# First Shot in the dark laser photo engraving

Well After many many operator error issues it’s alive and well. So after doing some test runs with the laser and a little photo editing This is the end result with my best guess settings. A little tweaking and a better grade of wood and I think all will be going well. By the way that’s not me in the photo. Also if anyone is interested this was done on 1/4in. bamply bamboo underlayment 75ipm 0-255 laser power. The only real issue I have Is how to set the acceleration and deceleration of the machine stop and change direction was instant and very jarring.

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Shane, I knew you wouldn’t give up, judging by your other videos you won’t let the machine beat you.

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Thank you. But after all I went through the aggravation the heartache and crying while lying in the fetal position in the corner of the shop on a fresh bed of cnc saw dust. I have come to the conclusion that my machine needed a name. So I named it after my wife (Jolene the Destroyer of Souls).

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Does your wife know you call her that? Are you living in the shop full time?

Oh she knows. I do sneak in the house late at night to raid the fridge. Shhhhhhhhh!!!
Really not as bad as you might think she got the name because of a video game I used to play years back (she never plays video games) and kept bugging me to let her play. Well she had no clue what to do with the controller so she would just beat on the buttons like a mad man and would win every time. Forward 17 years later my son the gamer found out how she got the name he has yet to win a game against her.

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Very nice!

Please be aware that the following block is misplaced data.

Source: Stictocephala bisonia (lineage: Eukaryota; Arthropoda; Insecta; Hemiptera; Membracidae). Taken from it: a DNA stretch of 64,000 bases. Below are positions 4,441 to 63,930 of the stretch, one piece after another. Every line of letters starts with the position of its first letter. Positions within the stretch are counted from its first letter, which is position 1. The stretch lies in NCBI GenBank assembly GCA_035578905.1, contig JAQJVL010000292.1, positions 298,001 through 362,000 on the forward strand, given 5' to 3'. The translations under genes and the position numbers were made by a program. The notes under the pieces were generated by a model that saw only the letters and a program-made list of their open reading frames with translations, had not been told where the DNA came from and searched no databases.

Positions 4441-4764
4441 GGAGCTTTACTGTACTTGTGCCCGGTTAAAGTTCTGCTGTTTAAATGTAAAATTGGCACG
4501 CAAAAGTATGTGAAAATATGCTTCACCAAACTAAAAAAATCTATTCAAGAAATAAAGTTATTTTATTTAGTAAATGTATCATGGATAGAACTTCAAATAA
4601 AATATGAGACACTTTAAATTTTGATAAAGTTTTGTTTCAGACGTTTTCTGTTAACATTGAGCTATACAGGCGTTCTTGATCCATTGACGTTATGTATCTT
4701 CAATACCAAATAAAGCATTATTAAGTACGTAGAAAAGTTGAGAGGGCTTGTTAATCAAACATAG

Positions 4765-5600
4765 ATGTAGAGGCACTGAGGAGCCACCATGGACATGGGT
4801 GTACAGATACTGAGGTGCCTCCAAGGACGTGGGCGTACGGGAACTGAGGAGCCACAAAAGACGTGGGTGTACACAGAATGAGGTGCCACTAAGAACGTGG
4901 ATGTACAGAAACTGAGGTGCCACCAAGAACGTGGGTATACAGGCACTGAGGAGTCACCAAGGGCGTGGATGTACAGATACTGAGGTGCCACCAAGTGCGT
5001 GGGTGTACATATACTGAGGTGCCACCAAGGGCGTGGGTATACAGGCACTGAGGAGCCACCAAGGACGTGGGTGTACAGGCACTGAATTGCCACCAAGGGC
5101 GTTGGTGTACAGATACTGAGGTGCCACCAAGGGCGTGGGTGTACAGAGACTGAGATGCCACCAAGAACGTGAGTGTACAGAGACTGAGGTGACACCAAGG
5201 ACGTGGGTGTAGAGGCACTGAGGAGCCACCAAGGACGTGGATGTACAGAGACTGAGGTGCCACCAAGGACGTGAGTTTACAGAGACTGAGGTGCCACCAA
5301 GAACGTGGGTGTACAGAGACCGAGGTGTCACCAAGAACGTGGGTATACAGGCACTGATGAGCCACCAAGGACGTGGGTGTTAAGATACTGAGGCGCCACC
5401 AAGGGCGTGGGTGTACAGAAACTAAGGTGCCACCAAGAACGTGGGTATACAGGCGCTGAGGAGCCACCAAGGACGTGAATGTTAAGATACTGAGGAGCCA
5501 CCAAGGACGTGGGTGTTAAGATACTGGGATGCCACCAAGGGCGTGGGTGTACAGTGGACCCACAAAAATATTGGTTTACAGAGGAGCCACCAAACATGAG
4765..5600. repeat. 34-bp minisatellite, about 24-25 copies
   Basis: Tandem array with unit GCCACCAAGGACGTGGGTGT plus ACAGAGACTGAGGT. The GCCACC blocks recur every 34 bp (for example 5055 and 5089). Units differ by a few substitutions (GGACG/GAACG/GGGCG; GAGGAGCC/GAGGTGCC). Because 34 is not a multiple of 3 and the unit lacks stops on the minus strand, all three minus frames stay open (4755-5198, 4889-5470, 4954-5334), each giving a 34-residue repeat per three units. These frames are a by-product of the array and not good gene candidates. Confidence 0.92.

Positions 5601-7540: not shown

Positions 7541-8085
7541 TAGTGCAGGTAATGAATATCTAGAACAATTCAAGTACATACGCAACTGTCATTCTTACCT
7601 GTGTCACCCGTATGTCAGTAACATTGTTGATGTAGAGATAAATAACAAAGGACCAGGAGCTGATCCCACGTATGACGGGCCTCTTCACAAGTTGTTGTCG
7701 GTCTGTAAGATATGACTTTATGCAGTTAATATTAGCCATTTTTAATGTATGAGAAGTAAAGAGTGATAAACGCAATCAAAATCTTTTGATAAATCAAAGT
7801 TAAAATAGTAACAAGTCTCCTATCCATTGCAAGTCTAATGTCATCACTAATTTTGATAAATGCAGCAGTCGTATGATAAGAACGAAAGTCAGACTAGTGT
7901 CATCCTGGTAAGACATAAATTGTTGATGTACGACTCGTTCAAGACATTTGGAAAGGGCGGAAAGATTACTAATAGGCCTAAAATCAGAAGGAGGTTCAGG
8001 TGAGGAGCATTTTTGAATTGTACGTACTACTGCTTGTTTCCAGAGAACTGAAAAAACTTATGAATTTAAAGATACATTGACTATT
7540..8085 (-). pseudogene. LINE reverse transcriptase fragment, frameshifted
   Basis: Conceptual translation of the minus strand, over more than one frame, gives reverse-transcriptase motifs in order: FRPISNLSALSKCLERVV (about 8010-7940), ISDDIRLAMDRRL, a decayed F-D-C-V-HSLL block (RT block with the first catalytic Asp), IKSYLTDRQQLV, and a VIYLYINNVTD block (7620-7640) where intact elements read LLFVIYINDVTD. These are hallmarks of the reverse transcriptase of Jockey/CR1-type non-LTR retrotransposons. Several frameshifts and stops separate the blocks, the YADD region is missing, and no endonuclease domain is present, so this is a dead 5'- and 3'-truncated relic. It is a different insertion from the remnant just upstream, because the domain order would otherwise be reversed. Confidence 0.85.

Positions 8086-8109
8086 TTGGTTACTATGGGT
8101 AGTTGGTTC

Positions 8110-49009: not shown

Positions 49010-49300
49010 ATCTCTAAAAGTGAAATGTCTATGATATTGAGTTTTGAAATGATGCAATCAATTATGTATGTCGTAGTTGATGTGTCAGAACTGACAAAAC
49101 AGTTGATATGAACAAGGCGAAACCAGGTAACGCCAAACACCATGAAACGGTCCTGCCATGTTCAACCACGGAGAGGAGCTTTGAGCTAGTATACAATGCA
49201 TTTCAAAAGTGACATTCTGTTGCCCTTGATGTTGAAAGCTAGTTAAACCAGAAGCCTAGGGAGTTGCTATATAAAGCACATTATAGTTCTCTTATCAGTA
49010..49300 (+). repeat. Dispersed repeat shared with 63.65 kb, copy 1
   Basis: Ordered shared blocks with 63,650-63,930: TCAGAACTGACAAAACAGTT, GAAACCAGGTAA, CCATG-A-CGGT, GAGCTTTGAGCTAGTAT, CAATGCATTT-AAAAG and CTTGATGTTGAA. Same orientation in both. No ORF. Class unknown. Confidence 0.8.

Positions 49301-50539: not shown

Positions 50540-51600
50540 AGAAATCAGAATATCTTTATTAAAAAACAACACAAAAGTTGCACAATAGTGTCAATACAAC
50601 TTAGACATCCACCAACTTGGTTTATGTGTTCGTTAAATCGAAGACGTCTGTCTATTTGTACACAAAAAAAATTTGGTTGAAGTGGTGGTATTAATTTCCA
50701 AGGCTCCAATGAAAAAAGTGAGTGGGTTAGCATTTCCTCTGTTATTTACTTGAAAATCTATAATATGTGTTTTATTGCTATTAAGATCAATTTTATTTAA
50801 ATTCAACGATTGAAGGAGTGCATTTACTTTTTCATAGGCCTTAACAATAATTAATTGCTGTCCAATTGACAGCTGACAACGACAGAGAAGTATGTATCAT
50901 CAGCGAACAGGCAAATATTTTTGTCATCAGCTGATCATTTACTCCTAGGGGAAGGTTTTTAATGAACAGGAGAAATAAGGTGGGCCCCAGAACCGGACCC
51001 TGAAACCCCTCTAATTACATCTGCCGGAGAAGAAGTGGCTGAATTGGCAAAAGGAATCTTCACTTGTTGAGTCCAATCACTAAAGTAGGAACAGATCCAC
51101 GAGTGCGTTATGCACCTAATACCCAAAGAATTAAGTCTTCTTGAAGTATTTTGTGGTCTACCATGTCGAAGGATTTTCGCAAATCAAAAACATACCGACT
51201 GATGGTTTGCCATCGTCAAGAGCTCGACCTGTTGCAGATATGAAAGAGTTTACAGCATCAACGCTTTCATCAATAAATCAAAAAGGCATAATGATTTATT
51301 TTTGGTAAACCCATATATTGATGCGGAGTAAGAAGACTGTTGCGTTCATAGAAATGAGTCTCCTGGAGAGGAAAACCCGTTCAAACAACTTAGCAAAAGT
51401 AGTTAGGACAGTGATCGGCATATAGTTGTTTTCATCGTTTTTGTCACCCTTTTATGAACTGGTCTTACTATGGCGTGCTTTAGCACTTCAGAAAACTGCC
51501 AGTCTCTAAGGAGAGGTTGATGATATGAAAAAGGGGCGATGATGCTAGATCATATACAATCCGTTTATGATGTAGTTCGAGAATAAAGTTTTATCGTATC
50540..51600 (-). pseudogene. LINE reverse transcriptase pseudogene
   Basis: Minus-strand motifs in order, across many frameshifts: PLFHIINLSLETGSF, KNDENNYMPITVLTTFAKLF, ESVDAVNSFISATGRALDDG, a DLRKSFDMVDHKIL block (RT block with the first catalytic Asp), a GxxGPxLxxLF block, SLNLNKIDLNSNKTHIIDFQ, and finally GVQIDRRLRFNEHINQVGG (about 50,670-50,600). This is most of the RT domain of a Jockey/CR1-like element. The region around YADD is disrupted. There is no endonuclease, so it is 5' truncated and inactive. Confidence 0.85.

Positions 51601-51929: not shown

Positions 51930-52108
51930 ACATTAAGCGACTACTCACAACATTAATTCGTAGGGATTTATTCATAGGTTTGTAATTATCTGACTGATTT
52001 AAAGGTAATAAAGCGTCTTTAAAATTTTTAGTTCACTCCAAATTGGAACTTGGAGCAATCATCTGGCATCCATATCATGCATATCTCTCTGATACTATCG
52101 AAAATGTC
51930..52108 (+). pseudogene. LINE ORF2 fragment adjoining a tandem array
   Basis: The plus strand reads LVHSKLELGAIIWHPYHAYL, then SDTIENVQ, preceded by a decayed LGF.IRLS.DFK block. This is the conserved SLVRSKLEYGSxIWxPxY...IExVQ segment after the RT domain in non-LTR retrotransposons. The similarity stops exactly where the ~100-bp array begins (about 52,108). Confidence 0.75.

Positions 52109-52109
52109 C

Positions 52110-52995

\$120 – X Acceleration, mm/sec^2 (X-Carve Default 500.000 mm/sec^2)
\$121 – Y Acceleration, mm/sec^2 (X-Carve Default 500.000 mm/sec^2)
\$122 – Z Acceleration, mm/sec^2 (X-Carve Default: 50.000 mm/sec^2)

This sets the axes acceleration parameters in mm/second/second. Simplistically, a lower value makes Grbl ease slower into motion, while a higher value yields tighter moves and reaches the desired feedrates much quicker. Much like the max rate setting, each axis has its own acceleration value and are independent of each other. This means that a multi-axis motion will only accelerate as quickly as the lowest contributing axis can.

Again, like the max rate setting, the simplest way to determine the values for this setting is to individually test each axis with slowly increasing values until the motor stalls. Then finalize your acceleration setting with a value 10-20% below this absolute max value. This should account for wear, friction, and mass inertia. We highly recommend that you dry test some G-code programs with your new settings before committing to them. Sometimes the loading on your machine is different when moving in all axes together.

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Thanks for the info.